Now when we consider the succession of the powers, it is clear that the first engendered in the infant is the power of seeking for sustenance: for in a single hour from its birth it manifests an incli­nation to suck;* which it can only derive by instinct from the Almighty: according to the text, He gave every thing its nature, and instruction more­over to the minutest of beings. In course of this appetite, as his strength increases, crying* and the like becomes associated with its relief. Whereto, in the first instance, being engrossed by the generic feeling, he is unable to distinguish between things so similar as the person of his mother and of other people: afterwards, as the senses external and internal gather strength, and the mind becomes equal to retaining the image of the thing perceived, the shapes of objects reaching him by the channel of sense (and with them the severalty of his mother and other people) are sufficiently apprehended.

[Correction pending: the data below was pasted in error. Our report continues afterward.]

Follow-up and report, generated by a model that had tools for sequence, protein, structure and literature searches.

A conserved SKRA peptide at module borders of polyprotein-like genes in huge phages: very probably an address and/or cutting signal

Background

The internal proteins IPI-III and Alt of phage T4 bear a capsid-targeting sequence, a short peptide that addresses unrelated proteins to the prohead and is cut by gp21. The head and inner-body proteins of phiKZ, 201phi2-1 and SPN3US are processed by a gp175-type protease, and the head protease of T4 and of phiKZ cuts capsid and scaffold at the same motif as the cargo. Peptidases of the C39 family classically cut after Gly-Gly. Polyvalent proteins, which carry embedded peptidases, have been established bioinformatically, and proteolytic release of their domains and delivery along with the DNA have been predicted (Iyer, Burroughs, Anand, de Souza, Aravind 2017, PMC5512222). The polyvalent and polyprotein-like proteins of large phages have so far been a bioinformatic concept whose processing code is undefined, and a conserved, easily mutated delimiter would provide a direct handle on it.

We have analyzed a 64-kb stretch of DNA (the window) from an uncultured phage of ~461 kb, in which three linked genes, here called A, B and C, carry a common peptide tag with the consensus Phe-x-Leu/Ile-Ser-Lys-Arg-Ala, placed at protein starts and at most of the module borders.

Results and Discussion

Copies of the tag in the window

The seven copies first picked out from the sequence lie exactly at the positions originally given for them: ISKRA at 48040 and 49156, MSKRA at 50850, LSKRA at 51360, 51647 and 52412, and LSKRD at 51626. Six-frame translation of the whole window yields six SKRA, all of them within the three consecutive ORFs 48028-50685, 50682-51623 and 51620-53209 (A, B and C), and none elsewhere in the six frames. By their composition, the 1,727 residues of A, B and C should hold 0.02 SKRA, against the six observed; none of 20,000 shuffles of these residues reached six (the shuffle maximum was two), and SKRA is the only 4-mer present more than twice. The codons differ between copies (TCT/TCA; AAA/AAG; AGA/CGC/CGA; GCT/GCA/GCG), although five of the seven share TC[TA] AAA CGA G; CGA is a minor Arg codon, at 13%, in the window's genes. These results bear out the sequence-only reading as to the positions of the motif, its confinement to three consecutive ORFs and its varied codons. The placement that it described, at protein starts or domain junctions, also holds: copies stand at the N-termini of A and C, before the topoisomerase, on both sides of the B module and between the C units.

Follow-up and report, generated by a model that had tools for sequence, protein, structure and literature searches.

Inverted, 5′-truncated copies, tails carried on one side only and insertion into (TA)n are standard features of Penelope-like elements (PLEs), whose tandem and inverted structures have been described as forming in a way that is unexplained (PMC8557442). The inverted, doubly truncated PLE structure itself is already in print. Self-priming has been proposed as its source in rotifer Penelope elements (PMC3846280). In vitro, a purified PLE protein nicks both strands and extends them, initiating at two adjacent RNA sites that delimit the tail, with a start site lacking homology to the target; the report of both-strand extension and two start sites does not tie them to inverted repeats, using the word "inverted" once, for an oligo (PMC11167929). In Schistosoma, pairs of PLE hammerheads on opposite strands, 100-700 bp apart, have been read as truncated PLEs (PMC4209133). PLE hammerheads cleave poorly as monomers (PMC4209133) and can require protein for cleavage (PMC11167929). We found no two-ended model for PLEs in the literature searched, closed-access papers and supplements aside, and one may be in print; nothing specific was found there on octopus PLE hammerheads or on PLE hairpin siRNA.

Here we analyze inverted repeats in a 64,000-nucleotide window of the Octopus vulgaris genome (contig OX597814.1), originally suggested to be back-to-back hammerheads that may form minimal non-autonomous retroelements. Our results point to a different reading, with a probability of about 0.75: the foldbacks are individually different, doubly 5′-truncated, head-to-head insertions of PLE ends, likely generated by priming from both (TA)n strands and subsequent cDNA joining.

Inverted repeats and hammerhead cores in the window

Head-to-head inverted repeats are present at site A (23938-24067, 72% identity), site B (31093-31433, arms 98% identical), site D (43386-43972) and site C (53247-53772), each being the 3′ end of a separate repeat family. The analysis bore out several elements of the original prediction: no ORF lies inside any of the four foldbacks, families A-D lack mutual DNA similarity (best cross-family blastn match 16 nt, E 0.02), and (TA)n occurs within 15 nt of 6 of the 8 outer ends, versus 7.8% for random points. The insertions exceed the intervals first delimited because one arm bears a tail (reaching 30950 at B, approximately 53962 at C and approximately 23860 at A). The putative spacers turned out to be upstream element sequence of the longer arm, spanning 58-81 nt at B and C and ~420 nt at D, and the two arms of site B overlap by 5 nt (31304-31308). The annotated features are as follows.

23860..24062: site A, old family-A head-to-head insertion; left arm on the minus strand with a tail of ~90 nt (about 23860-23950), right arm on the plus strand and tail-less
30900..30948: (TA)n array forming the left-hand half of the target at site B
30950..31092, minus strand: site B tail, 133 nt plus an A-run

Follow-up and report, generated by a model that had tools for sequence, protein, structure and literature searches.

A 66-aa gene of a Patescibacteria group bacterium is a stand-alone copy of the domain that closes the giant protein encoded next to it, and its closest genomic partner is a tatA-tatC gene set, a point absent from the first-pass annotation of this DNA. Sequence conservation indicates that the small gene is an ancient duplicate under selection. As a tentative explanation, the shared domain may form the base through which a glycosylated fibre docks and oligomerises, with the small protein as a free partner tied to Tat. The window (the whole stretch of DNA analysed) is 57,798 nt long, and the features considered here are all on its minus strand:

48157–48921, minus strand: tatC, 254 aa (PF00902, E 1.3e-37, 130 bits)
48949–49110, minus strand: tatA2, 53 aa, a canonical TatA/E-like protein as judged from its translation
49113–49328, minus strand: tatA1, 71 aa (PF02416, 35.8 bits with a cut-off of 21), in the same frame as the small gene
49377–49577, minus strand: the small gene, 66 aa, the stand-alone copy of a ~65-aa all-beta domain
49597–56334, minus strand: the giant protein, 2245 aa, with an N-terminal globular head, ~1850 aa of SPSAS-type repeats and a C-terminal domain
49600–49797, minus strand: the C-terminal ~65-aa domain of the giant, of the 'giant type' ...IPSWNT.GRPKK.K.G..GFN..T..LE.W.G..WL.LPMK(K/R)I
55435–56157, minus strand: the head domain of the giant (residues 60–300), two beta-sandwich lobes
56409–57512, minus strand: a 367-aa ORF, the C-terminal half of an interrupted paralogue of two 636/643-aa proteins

Next after the perfection of this power (in one stage of its perfection) the vindictive power makes its appearance, by which he is to repel whatever is injurious to him, and resist whatever molests or opposes him in his appetency after the objects of want and desire; or, if himself unequal to repelling them, he is to seek support and assistance by appealing and referring to others.